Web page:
At the Rétromobile show in Paris (6-10 February), the 24 Hours of Le Mans Museum booth - dedicated to the 70th anniversary of the return of the race in 1949 - welcomed the Drivers' Club on Wednesday 6 February. Participants were inspired to discuss a few remarkable stories from Ferrari's win that year for its very first participation.
In his opening speech, Fabrice Bourrigaud - Director of the 24 Hours Museum and the ACO's Pôle Culture & Héritage - confirmed an upcoming 1949 exhibition, the year of Ferrari's first victory at the race thanks to Luigi Chinetti and Lord Selsdon. President of the Drivers' Club and two-time Le Mans winner (1973-1974) Gérard Larrousse then took the stage, sharing how he first came to know the 24 Hours circuit at the wheel of a Ferrari GTO.
Among the other drivers on the scene, one had a special link to Luigi Chinetti and Ferrari. In 1972, Pierre Laffeach took the start at his first 24 Hours of Le Mans at the wheel of a car fielded by Luigi Chinetti's North American Racing Team (NART) after making his mark in one of the French single-seater ladder series that served as a first step for any young driver on the rise in the discipline.
Pierre Laffeach: "I finished second in the Volant Shell at Le Mans, but the credit was given to Jean-Louis Schlesser who was unable to participate in that finale. In exchange, the ACO put me in a NART car along with Gilles Doncieux and Yves Forestier. John Baus, Luigi Chinetti's right-hand man within NART, took care of our day-to-day wonderfully. Mr. Chinetti was always in the pit keeping his eye on everything, but his presence did not bring any undue pressure."
In 1972, NART fielded five cars: a Corvette, three Ferrari 365 GTB/4s and the Dino 246 GT driven by Pierre Laffeach: "Gilles Doncieux and I managed to qualify the car, but Yves Forestier failed to clock the necessary time and therefore had to withdraw from the race. The Dino was not easy to drive, it was totally neutral and did not start from the front nor the back, so you had to drive it with your fingertips." Also, rain disrupted that 40th running of the 24 Hours. "During the race, Gilles Doncieux and I did stints every four hours. At one point shortly after I refueled, I slid with cold tires at the Tertre Rouge and the car slipped under the barrier. I got out of the car when a fire started near the fuel tank that had just been filled. The marshals were able to extinguish it quickly and pull the car out, so I finished my lap and returned to the pit where the mechanics inspected the Dino. They found the car was undamaged and we were off again."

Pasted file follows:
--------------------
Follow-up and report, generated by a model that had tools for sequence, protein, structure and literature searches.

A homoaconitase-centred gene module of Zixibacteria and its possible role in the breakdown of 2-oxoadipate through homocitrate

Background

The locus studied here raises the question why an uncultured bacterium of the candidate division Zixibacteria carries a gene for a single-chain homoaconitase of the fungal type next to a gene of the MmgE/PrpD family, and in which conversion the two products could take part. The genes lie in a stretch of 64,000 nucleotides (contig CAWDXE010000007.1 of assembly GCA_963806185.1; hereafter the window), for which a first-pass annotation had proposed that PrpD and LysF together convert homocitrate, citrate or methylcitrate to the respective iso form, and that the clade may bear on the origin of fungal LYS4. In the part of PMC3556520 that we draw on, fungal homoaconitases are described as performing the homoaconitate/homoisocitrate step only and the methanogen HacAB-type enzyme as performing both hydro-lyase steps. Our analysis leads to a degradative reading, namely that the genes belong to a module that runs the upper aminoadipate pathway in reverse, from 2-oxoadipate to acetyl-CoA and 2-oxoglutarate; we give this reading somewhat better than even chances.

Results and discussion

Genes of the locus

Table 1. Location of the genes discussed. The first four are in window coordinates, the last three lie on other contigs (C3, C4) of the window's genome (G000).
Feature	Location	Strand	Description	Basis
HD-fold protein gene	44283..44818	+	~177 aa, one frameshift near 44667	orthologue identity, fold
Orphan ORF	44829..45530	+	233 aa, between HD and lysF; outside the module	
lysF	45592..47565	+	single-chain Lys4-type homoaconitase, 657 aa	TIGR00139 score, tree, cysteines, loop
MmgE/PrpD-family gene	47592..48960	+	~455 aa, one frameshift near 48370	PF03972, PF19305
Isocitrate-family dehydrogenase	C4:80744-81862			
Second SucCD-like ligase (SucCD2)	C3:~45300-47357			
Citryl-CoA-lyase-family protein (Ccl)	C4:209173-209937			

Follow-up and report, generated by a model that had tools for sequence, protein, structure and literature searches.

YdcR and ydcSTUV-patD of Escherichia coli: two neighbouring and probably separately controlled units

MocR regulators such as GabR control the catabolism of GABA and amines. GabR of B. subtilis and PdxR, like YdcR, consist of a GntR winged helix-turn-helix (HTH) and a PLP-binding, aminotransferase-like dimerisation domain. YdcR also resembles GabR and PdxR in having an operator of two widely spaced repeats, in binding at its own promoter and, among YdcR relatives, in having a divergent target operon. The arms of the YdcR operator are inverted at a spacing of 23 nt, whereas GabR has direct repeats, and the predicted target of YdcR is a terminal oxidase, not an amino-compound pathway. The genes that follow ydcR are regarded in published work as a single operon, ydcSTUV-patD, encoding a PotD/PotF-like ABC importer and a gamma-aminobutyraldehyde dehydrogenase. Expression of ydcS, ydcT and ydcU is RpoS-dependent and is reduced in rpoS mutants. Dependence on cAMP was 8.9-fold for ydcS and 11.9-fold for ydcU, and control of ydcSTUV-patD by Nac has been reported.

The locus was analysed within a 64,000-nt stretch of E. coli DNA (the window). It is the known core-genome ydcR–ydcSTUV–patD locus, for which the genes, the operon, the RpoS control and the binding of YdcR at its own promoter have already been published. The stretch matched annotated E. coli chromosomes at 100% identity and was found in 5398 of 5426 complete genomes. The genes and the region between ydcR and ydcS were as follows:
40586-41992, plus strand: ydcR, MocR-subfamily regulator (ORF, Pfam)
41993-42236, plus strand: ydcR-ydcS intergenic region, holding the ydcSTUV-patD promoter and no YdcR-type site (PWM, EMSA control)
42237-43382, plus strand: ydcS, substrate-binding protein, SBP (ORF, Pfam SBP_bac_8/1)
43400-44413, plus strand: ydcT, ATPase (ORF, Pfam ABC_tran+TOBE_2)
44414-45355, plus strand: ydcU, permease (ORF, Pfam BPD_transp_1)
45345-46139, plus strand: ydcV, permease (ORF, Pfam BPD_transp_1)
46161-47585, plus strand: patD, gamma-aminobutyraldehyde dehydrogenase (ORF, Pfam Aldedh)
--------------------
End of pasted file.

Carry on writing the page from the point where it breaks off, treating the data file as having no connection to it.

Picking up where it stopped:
Four of the five NART cars made it to the checkered flag, including Pierre Laffeach and Gilles Doncieux's Dino, finishing 17th. "My first laps of the 24 Hours circuit were fantastic of course, but my strongest memory is being at the wheel at the finish. To finish my first 24 Hours with such a car for such a team, I had tears in my eyes," recalls Pierre Laffeach. "We were awarded a silver trophy with Luigi Chinetti Trophy on it, as well as a congratulatory card from John Baus which I have at home. They were all the more thrilled because we had been driven the only Dino 246 GT ever to finish the 24 Hours."
Pierre Laffeach competed in the 24 Hours three times in all. After the Dino, he drove a Porsche 911 in 1974 (12th) and 1976 (14th), the latter scoring a class win. "I was supposed to do the 24 Hours with NART in 1975, but that year Luigi Chinetti withdrew all of his cars. But I am very happy to have finished the three runnings in which I did participate," concludes with a smile Pierre Laffeach, whose name will always figure in the history and track record of Ferrari as well as Porsche at the 24 Hours of Le Mans.
PHOTO (Copyright - Louis Monnier/ACO): In this group photo taken of the Drivers' Club at the 2019 Rétromobile show, Club president Gérard Larrousse is at the wheel of the Ferrari 166 MM normally housed in the 24 Hours museum. This model won the race in 1949 thanks to Luigi Chinetti and Lord Selsdon. Driver of Luigi Chinetti's NART Dino 246 GT in 1972, Pierre Laffeach figures in the second row (third from the left).